NT small-house rights upheld on appeal

Local | Sophie Hui 14 Jan 2021

All existing practices allowing male indigenous villagers to build houses are constitutional, the court of appeal has ruled.

Under a 1972 policy, a male villager can apply for permission to build once in his lifetime a three-story small house within his village, colloquially called "ding rights".

Three options are available for one to exercise ding rights - through a private treaty grant, whereby the government offers land at a premium two-thirds of the market price to a villager to build a house; free licenses that allow one to build houses on private lots without paying a land premium; and a exchange whereby one can switch plots with the government to build houses.

"King of judicial reviews" Kwok Cheuk-kin and social worker Hendrick Lui Chi-hang filed a judicial challenge against ding rights in 2015 as they felt the policy discriminates against non-indigenous and female indigenous villagers.

In April 2019, high court judge Anderson Chow Ka-ming ruled that only the second option for the villagers to build houses on private land was lawful.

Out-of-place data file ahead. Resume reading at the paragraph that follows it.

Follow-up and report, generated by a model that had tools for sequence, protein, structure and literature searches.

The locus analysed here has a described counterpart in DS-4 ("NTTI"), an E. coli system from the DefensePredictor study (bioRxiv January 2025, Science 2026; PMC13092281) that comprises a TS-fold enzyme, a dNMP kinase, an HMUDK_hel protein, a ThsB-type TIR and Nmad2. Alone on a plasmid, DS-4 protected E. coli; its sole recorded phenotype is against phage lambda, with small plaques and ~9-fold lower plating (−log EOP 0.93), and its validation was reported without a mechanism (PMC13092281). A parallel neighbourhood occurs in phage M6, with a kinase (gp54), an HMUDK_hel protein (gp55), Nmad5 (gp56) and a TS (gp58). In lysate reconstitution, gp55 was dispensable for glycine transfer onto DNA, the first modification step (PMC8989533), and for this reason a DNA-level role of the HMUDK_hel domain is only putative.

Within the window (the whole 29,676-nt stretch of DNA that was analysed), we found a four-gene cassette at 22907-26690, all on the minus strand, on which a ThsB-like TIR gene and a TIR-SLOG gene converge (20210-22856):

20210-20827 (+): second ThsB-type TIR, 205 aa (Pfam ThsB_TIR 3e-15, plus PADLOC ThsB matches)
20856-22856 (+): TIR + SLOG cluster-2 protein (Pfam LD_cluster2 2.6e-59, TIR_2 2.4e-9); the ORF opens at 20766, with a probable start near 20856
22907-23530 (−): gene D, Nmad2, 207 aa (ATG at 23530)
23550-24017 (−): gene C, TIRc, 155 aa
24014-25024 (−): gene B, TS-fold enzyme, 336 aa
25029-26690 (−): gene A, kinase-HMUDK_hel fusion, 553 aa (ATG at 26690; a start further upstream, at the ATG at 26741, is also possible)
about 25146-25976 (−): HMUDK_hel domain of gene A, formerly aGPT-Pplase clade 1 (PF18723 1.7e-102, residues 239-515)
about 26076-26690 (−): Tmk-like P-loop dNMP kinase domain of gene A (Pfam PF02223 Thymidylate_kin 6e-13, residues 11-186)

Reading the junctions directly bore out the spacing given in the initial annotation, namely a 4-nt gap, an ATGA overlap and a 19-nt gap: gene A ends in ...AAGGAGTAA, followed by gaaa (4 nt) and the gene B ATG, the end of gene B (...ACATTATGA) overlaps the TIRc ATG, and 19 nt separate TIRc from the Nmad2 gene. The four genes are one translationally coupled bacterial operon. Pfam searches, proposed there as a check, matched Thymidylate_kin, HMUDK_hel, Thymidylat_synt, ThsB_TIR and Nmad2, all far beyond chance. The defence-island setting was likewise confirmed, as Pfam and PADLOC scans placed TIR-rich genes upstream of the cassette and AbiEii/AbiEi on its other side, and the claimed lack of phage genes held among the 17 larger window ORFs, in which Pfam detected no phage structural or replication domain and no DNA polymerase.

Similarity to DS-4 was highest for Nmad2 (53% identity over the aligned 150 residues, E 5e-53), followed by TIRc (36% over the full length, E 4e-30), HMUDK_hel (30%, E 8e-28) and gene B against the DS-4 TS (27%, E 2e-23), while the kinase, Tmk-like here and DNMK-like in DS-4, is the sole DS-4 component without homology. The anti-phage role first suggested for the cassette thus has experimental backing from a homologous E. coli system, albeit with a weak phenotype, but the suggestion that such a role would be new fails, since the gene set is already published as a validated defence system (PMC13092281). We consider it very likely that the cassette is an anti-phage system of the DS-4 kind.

But yesterday a three-strong appeal panel comprising high court chief judge Jeremy Poon Shiu-chor, court of appeal vice president Johnson Lam Man-hon and justice of appeal Thomas Au Hing-cheung said in a 69-page judgment Chow failed to consider the Basic Law articles in context.

They said it is "beyond doubt" that ding rights were recognized in the city's legal system as lawful traditional rights and interests of the indigenous inhabitants of the New Territories during the drafting stage of the Basic Law despite debate about their discriminatory nature.

The judges said Chow had failed to take into account a number of factors, including a "phenomenal delay" of the legal challenge as the small house policy was introduced in 1972, while the Hong Kong Bill of Rights was enacted in 1991 and the Basic Law has been applied to the city for 23 years.

"The lack of explanation for such a delay is simply glaring," they said.

Heung Yee Kuk head Kenneth Lau Ip-keung welcomed the ruling but hoped the government could resume handling such applications as soon as possible.

A Development Bureau spokesman said they will study the judgment and resume accepting and handling applications under the Private Treaty Grant and Land Exchange arrangements.



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